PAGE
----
Project Authors: By: Julia Sochacki, Jiada Valenza, Areebah Qutub, Brianna Clarke
Our project seeks to look at the way wealth and demographic disparities between neighborhoods impact food security. We specifically chose to research the Upper East Side and East Harlem, located only 2 miles apart, but vastly different in terms of racial and ethnic population identities and average income. Our study highlights how segregation continues to exist and exacerbate socio-economic issues, impacting the health of already disadvantaged communities. Given the data from our study, which shows a clear connection between segregation and food access, we hope that further studies can be conducted to explore the ramifications of food security beyond physical well-being.
December 21, 2022 — 10:47 am
The statistics that your group provided were insightful and humbling. After all, I was not aware that areas like East Harlem would have such a large gap between the number of grocery stores and delis available. I agree with the analysis of the data that your group provided, as there seems to be a correlation between food insecurity and the segregation between high and low-income neighborhoods. I am also wondering about the lasting impacts of unfair housing policies like redlining and the ongoing segregation between these neighborhoods.
December 21, 2022 — 11:07 am
Wow! This is such an important study for us. As CUNY students who are especially vulnerable to food insecurity. College students are the largest growing group of food insecure people in the United States and food and housing insecurity is the lead cause of poor mental health in CUNY students. The food deserts that you highlighted are a big issue and it is very important for the city to invest in these areas to make sure that everyone has access to healthy food. I would also be interested to see what food insecurity looks like across the boroughs.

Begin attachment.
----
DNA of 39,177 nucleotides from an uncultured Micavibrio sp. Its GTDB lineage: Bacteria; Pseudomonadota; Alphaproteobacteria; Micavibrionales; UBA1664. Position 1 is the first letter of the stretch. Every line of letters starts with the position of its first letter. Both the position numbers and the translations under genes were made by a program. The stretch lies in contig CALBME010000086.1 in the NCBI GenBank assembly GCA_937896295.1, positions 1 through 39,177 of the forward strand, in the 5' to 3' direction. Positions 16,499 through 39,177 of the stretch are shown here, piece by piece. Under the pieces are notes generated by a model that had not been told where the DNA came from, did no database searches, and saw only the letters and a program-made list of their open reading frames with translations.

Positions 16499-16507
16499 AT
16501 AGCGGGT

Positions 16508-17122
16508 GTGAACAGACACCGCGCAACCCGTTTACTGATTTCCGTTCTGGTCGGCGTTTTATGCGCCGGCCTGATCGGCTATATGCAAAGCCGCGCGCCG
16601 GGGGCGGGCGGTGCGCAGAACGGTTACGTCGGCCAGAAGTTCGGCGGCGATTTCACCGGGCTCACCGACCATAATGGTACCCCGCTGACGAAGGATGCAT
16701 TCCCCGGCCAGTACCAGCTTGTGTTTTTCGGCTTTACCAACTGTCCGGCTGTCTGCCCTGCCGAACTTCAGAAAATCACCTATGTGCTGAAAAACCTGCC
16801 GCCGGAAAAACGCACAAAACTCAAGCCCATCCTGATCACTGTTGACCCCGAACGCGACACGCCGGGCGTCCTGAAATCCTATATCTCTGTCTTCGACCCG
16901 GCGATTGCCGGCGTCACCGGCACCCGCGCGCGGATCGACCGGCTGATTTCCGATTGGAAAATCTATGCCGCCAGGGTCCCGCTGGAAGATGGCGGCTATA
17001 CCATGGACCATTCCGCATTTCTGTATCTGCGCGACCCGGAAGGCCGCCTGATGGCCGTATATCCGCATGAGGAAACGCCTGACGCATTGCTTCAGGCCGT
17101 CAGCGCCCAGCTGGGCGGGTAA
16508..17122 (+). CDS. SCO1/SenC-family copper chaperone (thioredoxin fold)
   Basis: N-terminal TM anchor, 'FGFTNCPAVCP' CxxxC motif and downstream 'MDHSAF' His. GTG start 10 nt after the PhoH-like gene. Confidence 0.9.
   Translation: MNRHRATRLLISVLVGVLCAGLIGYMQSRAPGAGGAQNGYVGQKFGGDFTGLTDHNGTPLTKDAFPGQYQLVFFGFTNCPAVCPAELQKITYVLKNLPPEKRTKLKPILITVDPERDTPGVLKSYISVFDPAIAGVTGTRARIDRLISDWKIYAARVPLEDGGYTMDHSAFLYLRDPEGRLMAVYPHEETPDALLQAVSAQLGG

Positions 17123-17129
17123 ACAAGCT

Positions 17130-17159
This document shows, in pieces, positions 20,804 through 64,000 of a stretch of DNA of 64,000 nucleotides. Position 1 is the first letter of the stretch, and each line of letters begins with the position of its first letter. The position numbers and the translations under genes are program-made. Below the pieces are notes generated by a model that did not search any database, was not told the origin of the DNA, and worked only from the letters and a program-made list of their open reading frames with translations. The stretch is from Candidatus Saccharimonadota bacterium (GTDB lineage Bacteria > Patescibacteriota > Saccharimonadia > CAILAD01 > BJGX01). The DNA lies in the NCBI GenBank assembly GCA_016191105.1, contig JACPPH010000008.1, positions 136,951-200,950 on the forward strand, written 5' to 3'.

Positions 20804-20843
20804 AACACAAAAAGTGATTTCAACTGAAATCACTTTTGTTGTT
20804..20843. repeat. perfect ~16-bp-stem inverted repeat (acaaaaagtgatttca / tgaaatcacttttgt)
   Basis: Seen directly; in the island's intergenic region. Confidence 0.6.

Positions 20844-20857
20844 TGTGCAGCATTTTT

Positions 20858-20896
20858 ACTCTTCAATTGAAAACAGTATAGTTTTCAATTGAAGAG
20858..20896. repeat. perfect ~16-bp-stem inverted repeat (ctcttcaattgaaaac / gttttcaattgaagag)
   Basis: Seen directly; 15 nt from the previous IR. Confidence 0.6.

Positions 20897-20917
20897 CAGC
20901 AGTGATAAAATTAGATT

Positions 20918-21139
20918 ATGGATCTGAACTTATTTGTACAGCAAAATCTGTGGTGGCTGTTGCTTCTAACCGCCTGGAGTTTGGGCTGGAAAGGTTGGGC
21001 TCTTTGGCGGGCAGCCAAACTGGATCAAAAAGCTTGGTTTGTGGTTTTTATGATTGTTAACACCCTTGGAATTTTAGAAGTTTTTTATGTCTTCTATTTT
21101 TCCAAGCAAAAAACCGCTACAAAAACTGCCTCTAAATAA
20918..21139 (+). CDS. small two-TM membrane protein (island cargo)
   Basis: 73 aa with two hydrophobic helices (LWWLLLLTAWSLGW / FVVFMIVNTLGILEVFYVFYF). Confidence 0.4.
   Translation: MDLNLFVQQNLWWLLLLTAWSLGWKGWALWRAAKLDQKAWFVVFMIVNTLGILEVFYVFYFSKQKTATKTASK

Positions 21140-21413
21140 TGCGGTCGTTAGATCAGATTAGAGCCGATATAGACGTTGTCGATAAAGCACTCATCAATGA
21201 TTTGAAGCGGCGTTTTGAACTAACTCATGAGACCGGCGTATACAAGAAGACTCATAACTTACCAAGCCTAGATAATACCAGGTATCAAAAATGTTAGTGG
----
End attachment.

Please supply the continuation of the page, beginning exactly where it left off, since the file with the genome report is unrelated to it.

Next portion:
December 21, 2022 — 1:01 pm
The future directions that you provide are the questions we should continue to ask ourselves to help pinpoint the implications of these disparities. You have provided clear and insightful information to help us acknowledge the segregation disparities found between East Harlem and the Upper East Side. It would be interesting to see if there are any other neighborhoods that are similarly segregated, and what the food insecurity is there. Furthermore, this poster has allowed me to initiate a conversation of what can be done to stop segregation throughout different boroughs in New York City, and relate it the segregation that is happening in the New York City public school system.